On December 14, 1954 a universal day dedicated to children was instituted by United Nation’s Resolution 836 (IX) as an observance of the understanding and brother hood among all the children of the world. It was also used to outline a solemn oath to children that the world would do whatever it took to protect, educate, and secure their overall well-being.
Founder Calista Scott and Family
In 1955 as Easter approached, I recall asking my mother if my sister and I might be getting new shoes or clothes for Easter Sunday (April 10th). She told me that this year we would, instead, be dressing up for Children’s Day in June. (I had never heard of Children’s Day.) Whereas we lived in Vermont, she added, there wouldn’t be snow and it would be a much better time for new shoes and dresses.
Perhaps it was because my mother was a teacher (first through eighth grade in a one-room schoolhouse), that she and the minister of the Congregational Church were aware of this day dedicated to children, and chose to participate.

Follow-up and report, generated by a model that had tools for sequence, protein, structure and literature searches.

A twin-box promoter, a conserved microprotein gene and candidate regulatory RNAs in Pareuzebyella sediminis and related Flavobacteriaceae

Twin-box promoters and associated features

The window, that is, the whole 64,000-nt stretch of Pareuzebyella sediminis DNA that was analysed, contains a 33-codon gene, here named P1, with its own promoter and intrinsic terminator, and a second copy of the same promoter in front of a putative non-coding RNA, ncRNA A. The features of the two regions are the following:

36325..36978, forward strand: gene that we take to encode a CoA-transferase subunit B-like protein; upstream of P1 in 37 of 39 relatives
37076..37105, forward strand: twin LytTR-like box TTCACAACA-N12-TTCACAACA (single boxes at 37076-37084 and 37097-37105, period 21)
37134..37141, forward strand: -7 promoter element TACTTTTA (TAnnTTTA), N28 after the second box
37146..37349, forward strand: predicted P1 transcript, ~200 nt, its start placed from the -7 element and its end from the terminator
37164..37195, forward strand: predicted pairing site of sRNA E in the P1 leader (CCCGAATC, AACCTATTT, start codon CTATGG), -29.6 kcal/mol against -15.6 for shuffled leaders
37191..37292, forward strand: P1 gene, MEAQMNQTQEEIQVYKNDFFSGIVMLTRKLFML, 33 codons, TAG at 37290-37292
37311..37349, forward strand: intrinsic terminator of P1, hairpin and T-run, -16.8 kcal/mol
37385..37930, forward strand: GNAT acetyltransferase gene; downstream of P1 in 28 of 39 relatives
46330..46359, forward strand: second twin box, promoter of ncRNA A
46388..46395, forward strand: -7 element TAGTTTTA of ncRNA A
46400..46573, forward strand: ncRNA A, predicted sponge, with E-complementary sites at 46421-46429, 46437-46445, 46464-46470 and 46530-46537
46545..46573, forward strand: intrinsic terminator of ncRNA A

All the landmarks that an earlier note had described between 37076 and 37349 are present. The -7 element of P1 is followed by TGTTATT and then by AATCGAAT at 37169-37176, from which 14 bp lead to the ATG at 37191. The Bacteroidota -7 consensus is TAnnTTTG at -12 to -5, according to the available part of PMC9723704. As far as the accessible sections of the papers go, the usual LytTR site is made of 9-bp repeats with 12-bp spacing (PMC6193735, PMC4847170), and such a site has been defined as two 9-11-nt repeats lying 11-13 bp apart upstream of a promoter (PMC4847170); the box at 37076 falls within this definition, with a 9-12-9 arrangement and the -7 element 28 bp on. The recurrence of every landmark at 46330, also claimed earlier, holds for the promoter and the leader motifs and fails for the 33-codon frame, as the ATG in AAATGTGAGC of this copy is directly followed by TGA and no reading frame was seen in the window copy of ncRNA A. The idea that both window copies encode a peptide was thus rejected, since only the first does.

On Children’s Day, mothers wore flowers in honor of their role. My sister Judi and I were fortunate to have matching dresses made by our grandmother, Rose. At a point during the church service, the minister paused to walk into the congregation and explain to the children that this was a special day in honor of children. I remember being in awe of the moment and feeling recognized as good or important. I don’t remember that there were any future Children’s Day celebrations after that. I am so glad that I experienced and remember the day; and for the wonderful photo to remind me.
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